In one way he's redundant; the Bobcats are loaded with wing players (Gerald Wallace, Matt Carroll, Walter Herrmann and Adam Morrison.)
However, Brewer's greatest strength -- on-the-ball defense -- is something the Bobcats need.
The Bobcats' two best defenders, Emeka Okafor and Wallace, are not classic shutdown guys.
Brewer can guard anyone from a point guard to a power forward. He could be their stopper.
JOAKIM NOAH, Florida
The Bobcats have already used two lottery picks on power forwards (Emeka Okafor and Sean May), so on the surface you have to wonder why they'd draft another player at that position.
However, Noah's energy makes him different from anyone the Bobcats currently have at that spot. Noah's skills are suspect, but the guy has the best motor in the draft.
Best-case scenario, he would be a game-changer off the bench who saves possessions with his hustle and intensity.
MIKE CONLEY Jr., Ohio State
Conley will probably be gone before the eighth pick, but the Bobcats need to consider the possibility he'd be there.
He's smallish at 6-1 and his shot needs work, but Conley's poise in big games was clear at the Final Four.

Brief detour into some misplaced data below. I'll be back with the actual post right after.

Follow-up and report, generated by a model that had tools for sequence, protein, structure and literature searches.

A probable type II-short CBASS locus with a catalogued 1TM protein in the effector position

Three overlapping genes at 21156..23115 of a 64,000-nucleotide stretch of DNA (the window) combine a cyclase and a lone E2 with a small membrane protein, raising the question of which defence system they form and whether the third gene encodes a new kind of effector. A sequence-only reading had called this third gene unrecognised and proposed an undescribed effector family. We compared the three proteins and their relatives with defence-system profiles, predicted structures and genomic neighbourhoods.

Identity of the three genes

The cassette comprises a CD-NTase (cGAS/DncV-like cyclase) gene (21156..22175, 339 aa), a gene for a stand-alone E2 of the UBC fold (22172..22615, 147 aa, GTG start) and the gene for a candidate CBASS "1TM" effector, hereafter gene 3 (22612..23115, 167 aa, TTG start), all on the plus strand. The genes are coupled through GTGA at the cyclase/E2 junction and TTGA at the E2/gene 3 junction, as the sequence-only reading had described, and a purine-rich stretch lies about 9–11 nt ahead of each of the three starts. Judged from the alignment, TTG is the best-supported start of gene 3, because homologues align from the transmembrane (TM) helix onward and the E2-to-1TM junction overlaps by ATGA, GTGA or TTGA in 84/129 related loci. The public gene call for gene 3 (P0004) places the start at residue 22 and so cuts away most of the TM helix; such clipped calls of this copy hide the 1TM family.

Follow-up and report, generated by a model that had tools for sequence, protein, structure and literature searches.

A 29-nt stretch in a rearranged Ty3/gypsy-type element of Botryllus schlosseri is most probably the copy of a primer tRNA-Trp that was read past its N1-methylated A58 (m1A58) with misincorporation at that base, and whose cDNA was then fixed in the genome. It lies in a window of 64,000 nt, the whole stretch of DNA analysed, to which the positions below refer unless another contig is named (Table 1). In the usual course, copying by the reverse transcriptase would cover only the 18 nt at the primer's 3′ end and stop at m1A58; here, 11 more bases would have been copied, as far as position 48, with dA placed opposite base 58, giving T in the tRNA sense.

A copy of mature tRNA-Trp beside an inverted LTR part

As far as how he'd fit with the Bobcats, drafting Conley could push the Bobcats to exercise a buy-out clause in Brevin Knight's contract. Conley would then compete with Raymond Felton for the starting spot at the point and, at minimum, be a high-quality backup.
JEFF GREEN, Georgetown
Green is a wing, but unlike Brewer, he's probably not versatile enough defensively to chase around guards.
He's very skilled offensively, with the ability to drive, post up and hit jumpers at the NBA level.
But scouts wonder about his day-in, day-out productivity.
He had games at Georgetown where he all but disappeared, scoring little and shooting little.
Those are questions similar to the ones Rudy Gay faced before last year's draft.
AL THORNTON, Florida State
Teams aren't quite sure whether Thornton is a power or small forward in the NBA, but this much is clear: He'll be a scorer. He attacks the rim with efficiency and has improved his jump shot.
Thornton's physically rugged enough to post up, and the way the NBA is moving toward more sleek power forwards, he could play both spots.
That means he plays a lot like Gerald Wallace. Assuming Wallace re-signs, it's a wonder how Thornton would fit in, at least initially, since Herrmann finished his rookie season so well.
JULIAN WRIGHT, Kansas
If you want a runner-passer in transition, Wright is your guy. He can finish a play at full-speed, and passes and defends capably.
He'd be great in an up-tempo system such as Phoenix's (in fact, he's sometimes compared to Boris Diaw).
Trouble is, the Bobcats don't play that way. They run some, but generally they're more of a half-court team, and that isn't where Wright shines. And he's not much of a shooter when forced to play a more deliberate style.
i like al thorton the best, from fl state. he is one of the bes scorers and i think that he is going to be a good nba player. jokim or what ever noah is not going to turn out IMO. who do you think would be a good pick